Youth working to make things right and make meaningful connections to the community
Youth participants in three DCJ programs helped to make the night a success: The Hands of Wonder Garden program, the Culinary Arts program, and the Community Healing Initiative (CHI).
Over 60 people attended the event. Youth and families were the focus, but attendees included employees from POIC, Latino Network, juvenile justice system partners, and other community-based organizations. Multnomah County Commissioners Smith, Stegmann, and Vega Pederson, along with Oregon State Representatives Gorsek, Smith-Warner, and Senator Monnes Anderson were in attendance.
Deena Corso, DCJ’s Juvenile Services Division Director welcomed everyone, acknowledging the collaborative nature of community and system partners serving in the best interest of youth and families involved in the juvenile justice system. To POIC and Latino Network partners, who provide culturally responsive services for youth and families involved in the juvenile justice system, Corso added “we could not do the amazing work we are able to do without your teams’ tireless efforts and the strong and vital collaboration we share with both agencies.”
“These kids are good community members.” - Liz Levy
The Hands of Wonder Garden Program fosters meaningful connections between youth and the community. Youth participate in restorative justice circles and engage in community service project planning and implementation that have to do with food security.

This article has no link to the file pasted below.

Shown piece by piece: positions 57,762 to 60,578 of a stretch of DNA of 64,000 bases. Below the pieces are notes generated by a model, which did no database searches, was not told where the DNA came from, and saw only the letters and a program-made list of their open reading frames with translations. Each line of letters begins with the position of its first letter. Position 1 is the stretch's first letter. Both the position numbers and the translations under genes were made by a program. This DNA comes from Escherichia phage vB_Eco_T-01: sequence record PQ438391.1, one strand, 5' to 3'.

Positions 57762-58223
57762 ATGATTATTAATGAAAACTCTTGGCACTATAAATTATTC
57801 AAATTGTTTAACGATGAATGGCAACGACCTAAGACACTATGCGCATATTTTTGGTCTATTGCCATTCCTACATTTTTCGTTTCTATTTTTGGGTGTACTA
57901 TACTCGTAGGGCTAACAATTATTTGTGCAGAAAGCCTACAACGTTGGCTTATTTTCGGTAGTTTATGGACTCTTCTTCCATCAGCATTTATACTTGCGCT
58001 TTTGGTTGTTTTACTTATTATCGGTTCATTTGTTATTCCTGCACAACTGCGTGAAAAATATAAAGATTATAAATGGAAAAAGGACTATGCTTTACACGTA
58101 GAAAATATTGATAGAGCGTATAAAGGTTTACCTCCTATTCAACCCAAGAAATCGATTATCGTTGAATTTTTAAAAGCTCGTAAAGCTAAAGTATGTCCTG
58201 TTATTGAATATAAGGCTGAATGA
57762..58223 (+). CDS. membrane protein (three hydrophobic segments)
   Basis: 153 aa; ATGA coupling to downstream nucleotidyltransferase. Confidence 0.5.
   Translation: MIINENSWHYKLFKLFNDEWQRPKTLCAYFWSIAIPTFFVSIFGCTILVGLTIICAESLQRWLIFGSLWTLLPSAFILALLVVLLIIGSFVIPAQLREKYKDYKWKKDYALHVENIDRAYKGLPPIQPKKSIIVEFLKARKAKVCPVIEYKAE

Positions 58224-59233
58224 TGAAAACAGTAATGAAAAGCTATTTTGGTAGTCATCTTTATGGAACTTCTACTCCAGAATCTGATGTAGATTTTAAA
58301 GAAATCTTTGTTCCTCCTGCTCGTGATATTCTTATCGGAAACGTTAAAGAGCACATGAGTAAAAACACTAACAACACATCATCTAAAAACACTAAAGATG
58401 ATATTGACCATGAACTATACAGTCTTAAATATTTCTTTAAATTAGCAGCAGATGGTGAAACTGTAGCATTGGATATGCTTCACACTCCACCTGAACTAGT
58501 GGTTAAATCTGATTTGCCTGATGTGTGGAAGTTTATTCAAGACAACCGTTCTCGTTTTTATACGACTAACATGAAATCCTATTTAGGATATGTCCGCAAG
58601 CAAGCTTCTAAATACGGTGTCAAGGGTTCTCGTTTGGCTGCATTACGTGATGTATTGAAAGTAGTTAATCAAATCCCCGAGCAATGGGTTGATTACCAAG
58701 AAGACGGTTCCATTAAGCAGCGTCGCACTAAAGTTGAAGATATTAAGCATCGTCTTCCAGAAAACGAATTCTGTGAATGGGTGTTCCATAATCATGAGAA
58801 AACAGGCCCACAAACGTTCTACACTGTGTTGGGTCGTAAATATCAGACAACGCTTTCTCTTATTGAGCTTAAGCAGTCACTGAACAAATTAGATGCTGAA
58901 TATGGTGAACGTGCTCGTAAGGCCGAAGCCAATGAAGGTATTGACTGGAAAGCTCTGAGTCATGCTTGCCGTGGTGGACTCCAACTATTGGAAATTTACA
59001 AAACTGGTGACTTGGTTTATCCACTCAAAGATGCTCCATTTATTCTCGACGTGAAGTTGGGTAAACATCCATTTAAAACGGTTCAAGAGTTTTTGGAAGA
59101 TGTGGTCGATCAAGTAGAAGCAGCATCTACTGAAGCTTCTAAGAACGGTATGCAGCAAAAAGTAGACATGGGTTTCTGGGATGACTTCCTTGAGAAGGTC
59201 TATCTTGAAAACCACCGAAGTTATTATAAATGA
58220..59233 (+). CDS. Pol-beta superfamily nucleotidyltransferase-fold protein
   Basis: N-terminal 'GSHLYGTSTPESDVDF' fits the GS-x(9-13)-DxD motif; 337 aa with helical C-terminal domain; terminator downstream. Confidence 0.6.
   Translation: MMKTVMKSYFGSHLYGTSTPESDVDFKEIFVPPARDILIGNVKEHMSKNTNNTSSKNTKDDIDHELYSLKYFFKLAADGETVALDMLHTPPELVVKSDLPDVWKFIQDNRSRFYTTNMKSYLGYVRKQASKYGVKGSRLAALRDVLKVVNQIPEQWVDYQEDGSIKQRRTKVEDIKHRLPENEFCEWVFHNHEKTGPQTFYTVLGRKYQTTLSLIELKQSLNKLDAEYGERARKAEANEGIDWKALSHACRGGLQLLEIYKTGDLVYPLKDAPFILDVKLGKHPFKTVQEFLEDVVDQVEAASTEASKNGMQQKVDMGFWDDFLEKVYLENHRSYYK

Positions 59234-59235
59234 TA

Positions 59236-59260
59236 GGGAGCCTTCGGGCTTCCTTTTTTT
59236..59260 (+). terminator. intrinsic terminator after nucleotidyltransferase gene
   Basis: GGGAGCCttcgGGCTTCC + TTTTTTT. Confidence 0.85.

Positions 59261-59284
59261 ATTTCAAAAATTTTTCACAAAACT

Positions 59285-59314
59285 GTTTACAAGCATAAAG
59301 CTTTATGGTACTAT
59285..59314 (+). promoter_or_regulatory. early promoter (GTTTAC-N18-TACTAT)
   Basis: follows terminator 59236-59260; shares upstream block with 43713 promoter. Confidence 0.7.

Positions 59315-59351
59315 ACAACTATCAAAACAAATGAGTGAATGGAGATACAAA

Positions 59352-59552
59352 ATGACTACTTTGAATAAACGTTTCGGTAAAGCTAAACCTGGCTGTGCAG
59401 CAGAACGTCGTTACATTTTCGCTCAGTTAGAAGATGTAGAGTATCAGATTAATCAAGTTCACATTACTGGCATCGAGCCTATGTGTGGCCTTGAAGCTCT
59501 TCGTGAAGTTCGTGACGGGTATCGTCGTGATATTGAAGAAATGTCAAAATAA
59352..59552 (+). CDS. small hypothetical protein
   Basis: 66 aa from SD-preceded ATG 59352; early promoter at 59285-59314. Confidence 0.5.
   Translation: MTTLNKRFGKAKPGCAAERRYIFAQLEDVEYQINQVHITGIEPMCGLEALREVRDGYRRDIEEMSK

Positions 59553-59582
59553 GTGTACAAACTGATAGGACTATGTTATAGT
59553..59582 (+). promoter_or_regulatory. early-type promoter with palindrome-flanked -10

Rhea DuMont, who oversees the Hands of Wonder program opened Saturday’s festivities by acknowledging the youth as “the future and health of our community.”
Liz Levy, a community works leader with the program shared her pride for the participants. The incremental changes and growth she witnesses as the youth move through the program, “is really rewarding,” she says, “Not only are we growing the plants, we are growing as human beings.”
“These young people make all of this worth it.” - Kimberly Pidcoke
Kimberly Pidcoke manages the Courtyard Cafe, which houses the JSD Culinary Arts program. Participants are on formal probation, and learn how to prepare, cook, and present fine dining meals.
Current Culinary Arts participants designed the menu for Saturday’s event. They prepared and cooked the food, and set up the venue. “The youth were more involved in the planning for this event than ever before,” said Pidcoke, adding, “they’re learning how to garden and how to cook, both valuable skills for life.”
“My daughter volunteers and stays out of trouble.” - CHI Parent
Parents with children who have recently completed supervision while in the Community Healing Initiative (CHI) program took the stage to tell their stories, thank the agencies and workers involved in their journeys, and share how they’re working to make the system even more responsive to youth and families.
“The people here are hope builders.” - Judge Nan Waller
Fresh Start doesn’t just celebrate youth and families. Policy makers, staff, and community members coming together in support of the youth get an honorable mention as well.
Presiding Judge Nan Waller acknowledged attendees’ commitment to juvenile justice work by saying, “we come together to affirm our belief that the resiliency of our youth, along with the appropriate supports, will get them through difficult times.”